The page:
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How is divorce different with adopted children?

July 4, 2018 in Uncategorized | MARTIN WREN, P.C. | LEAVE A COMMENT

It can be an exciting time when a couple decides to bring a new member into the family. They may feel complete, like their family is now whole. However, they probably don’t give much thought about the possibility of divorce in the future. It seems grim to think of such a terrible situation in the midst of a happy one, but adding an adopted child will complicate the process should you get divorced in the future.

The information below is a general guide to detail some possibilities of how your divorce may affect your adopted child, and how to help your child cope throughout the divorce process. Included is also information to help you protect your family’s rights and how to co-parent with your ex-spouse.

Taking Important First Steps

When a couple is sure that divorce is the best solution for their family, there are steps necessary to take in order to make sure the divorce is efficient and as quick as possible. The rights and responsibilities you have to your adopted child are the same as if they were your biological child, which makes some of the co-parenting decisions similar.

The foremost important step is to hire a lawyer that you feel you can trust with your case. Even when the divorce is favored by both parties, legal counsel is preferable since they should have more knowledge about the complexities of divorce proceedings and can protect you. Your attorney can also help with estate planning affairs to protect your finances and update your estate documents.

Custody Arrangements and Child Support

You should work out a custody arrangement before your divorce decree is finalized to ensure a smoother and quicker transition for your children. As soon as it is implemented, it can provide stability during a tumultuous time. Your attorney will assist you in providing all the correct paperwork for you and your spouse to fill out to finalize custody and medical decisions, but ideally the two of you should make the decisions on your own.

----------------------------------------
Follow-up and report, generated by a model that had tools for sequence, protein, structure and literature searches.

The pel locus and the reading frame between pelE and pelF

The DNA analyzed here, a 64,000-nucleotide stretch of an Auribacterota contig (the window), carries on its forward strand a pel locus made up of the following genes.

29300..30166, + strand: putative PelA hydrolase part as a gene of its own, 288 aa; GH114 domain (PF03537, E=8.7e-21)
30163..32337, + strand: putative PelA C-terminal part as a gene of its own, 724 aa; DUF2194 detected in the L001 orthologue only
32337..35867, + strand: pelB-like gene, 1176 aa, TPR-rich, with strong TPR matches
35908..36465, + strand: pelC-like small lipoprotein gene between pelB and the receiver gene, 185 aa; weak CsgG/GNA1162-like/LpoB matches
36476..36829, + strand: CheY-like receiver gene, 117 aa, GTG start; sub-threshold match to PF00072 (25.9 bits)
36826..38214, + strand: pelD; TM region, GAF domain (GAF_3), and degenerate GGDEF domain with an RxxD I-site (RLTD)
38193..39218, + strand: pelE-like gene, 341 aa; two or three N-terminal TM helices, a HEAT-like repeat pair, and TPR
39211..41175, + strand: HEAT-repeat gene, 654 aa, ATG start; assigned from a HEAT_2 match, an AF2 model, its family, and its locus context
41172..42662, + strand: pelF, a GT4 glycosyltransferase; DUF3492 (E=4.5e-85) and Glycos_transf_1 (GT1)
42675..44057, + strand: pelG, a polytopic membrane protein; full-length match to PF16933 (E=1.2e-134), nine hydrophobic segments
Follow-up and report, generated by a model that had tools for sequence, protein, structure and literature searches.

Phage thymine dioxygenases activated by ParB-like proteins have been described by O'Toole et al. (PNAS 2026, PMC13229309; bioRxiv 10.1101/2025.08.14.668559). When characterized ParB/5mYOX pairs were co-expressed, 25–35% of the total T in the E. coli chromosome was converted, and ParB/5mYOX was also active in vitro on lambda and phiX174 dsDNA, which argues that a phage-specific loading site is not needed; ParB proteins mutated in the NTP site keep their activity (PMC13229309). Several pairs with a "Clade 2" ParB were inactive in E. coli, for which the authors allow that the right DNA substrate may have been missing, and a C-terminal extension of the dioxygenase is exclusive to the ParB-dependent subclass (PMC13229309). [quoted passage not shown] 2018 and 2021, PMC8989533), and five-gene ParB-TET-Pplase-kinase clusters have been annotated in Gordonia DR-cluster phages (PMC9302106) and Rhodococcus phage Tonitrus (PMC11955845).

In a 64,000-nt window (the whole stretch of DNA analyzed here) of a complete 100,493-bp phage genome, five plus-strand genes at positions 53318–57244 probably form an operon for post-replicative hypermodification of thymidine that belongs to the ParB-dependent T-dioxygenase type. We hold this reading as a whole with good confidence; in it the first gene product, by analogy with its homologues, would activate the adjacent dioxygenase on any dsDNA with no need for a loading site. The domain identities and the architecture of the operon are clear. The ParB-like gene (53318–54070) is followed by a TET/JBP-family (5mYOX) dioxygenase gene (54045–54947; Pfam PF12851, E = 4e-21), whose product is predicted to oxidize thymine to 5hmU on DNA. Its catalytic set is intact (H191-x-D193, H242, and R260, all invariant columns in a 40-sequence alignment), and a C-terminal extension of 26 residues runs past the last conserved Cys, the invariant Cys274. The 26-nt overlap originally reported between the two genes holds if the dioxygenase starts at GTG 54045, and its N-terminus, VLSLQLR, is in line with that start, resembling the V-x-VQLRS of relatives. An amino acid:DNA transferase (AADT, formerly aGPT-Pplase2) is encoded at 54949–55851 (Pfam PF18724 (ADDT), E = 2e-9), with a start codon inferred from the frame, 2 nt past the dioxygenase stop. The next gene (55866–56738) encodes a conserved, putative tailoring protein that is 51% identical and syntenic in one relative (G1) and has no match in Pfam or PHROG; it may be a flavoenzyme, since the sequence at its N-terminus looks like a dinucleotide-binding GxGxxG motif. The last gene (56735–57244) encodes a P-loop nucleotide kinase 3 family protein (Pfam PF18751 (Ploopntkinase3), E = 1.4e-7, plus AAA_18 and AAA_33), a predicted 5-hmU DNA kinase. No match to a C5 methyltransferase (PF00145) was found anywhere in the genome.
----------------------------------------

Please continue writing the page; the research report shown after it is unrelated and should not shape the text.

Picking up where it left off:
You still have a right to child support when your child is adopted. Also note that adoption subsidies from the federal government do not affect the calculation of child support because they are designed to help people with special needs children. A custodial father is also entitled to child support as a custodial mother. You attorney will be able to look at your case and determine what you may be paying based on your state’s laws.

Know Your Rights, and Protect Them

Despite the adoptive relationship, you have the right to see your children. Your rights and the rights of your child are protected by law and your ex-spouse must honor those rights. If you have questions about your case, visit a family attorney Collin County, TX residents rely on. They will be able to review the particulars of your case and give you a sense of your divorce situation. Don’t hesitate if you feel your rights are being infringed upon.



Thank you to our friends and contributors at Scroggins Law Group for their insight into family laws.

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